Sunday, November 30, 2014

Speaking of Star Base Blacks

The Sierra Buttes Mine
Located north of the small town of Sierra City - The Sierra Buttes Mine was one of the largest and longest producing mines in Sierra County. Discovered in the late summer or early fall of 1850 this mine employed a major population of the town of Sierra City and was worked for over eighty years.
Early view of the Sierra Buttes Mine
It is said that the mine was discovered by a company of Italian miners, that were prospecting the area, and was first worked with arrastra’s in 1851. A company of English investors took control of the mine in the mid 1850's. It is possible that the original discovery site was near Independence Ravine where a huge quartz outcropping can still be seen today. The mine was worked on nine main levels and the levels were designated as tunnels one through nine; tunnel number one being the highest in elevation and the oldest of the workings, and nine being the lowest and newest.
Arrastra in Buttes Ravine
( note gin pole in upper right of photo)
A small camp started around the mine as early as 1851 and after the heavy snow during the winter of 1852 - 53, that crushed most of the buildings in Sierra City, a settlement started to emerge at the mine site. All manner of business was represented at the site except for the sale of liquor. Company policy stated liquor was prohibited on the mining property. It is interesting to note that, although liquor was prohibited at the Sierra Buttes Mine, scores of liquor bottles ranging in age from the early 1850’s to the late 1880’s have been discovered at this site.
The Sierra Buttes Mine was the perfect example of a early "company town". Most, if not all, of the workers lived on the mining property in boarding houses with the mine bosses residing in small cabins located away from the boarding houses but still on mine property. Company owned stores supplied everything from candy, tobacco, fancy foods to jack knifes and clothes to the miners that worked the property.   

The number one tunnel, and the boarding house for those workings, have yielded gold rush bottles and artifacts but it the authors contention the area around the number six tunnel was the site of the settlement started after the heavy winter of 1852 -53. Weighing in favor of this contention is the fact that the area around the number six tunnel has a natural gently sloping flat that was suitable for the construction of buildings and was not as steep as the area around the number one tunnel. The amount of abandoned structure sites discovered in the number six area far outnumber the couple of sites around the number one tunnel and boarding house.
Bottles and artifacts ranging from the early 1850’s to the middle 1880’s have been recovered from the number six area dating the site as a settlement in continual use since the early 1850’s. Everything from pontiled umbrella inks, early star base English blacks, open pontil medicines to western whiskey fifths and bitters along with several S.F. Gaslight Ammonia's have been recovered from the number six settlement area.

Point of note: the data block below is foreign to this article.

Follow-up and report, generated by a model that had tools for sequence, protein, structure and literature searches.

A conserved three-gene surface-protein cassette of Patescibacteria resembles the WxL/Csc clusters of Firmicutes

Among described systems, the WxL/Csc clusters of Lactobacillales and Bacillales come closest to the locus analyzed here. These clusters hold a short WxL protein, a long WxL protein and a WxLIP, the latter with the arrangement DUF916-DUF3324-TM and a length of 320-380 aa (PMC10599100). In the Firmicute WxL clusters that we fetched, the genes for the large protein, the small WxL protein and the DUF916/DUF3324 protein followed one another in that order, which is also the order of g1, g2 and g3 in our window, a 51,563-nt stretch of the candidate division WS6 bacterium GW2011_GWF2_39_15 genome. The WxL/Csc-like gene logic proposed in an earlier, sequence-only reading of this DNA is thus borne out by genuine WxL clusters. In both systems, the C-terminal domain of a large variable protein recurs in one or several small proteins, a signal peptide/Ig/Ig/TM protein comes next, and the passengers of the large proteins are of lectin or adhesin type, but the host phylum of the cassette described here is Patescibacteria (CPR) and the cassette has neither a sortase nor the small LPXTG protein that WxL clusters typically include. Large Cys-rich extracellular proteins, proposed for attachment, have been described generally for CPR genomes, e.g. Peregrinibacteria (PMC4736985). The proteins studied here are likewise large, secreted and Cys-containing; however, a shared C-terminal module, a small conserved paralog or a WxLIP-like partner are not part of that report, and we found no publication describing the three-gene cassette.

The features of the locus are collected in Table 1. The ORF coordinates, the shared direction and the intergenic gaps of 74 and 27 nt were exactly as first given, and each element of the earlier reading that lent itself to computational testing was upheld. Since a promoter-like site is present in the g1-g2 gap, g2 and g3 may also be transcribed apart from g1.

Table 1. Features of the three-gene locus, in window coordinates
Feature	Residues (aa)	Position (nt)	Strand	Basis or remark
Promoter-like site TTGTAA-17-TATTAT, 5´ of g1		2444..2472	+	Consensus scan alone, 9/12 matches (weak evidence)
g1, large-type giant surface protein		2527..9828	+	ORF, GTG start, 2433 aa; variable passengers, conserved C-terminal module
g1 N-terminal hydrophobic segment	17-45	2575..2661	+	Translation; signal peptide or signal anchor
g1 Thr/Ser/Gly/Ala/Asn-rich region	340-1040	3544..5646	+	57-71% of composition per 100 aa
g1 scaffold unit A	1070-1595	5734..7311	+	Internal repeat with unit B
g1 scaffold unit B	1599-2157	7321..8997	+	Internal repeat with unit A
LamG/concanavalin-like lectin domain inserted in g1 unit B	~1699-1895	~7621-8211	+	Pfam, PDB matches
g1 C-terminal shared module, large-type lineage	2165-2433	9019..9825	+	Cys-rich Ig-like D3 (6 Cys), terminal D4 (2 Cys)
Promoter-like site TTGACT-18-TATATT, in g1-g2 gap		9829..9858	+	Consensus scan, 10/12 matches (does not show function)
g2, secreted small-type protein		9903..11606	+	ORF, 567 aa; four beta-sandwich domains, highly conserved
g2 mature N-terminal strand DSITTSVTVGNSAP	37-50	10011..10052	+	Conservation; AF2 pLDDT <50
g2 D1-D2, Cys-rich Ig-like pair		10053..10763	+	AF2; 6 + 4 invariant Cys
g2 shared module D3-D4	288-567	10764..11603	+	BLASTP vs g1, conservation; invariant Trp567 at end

Today the Sierra Buttes site is still private property but heavy brush covers the site and all that's left of this important gold rush settlement are acres of broken glass and scattered trash.
A group of miners at the Number Six Tunnel Portal
(note the candles instead of carbide lamps)

Wednesday, November 26, 2014

Huh? Star Base Black...

Dale's post about his 8-Ray Star Base Patent Fifth reminded me of this black glass ale I've had in my garage for a few years. It has a few embossed letters (almost resembling that of directional abreviations N,E,S,W). I'll get some additional pictures posted in the next few days showing the bottle itself, as well as a better close-up of the letters, which I remember being a "C, M, W" or "G, M, W"
Any thoughts or information would be of help in identifying the manufacturer of this star-base bottle.

Tuesday, November 25, 2014

Huh? Star Base Fifth...

While going through some boxes this week, I came across a crude and early "Patent" fifth. Nice deep olive amber and swirls throughout. Pretty neat piece of early glass I thought. I had not previously noted the base characteristics or perhaps forgot, but there it is...a "star". Hmmm...what is this? Embossing? Yes, it is embossed "Dixon & Co. Liverpool" around the base. So, I guess San Francisco was not the only glass works to emboss a "star"...I know that some U.S.A. Hosp. Dept. bottles and even some Hostetter's have some version of the "star" but I had not seen an English bottle with this type of "star". DM

Sunday, November 23, 2014

John S. Bowman - Old Jewel Bourbon

John S. Bowman Jewel Bourbon sign.

John S. bowman was a wholesale liquor and wine dealer in San Francisco from 1886 to 1892. He also dealt in the bitters market for a brief period (Jewel bitters )  His wholesale liquor  outlet was at 213 Battery Street.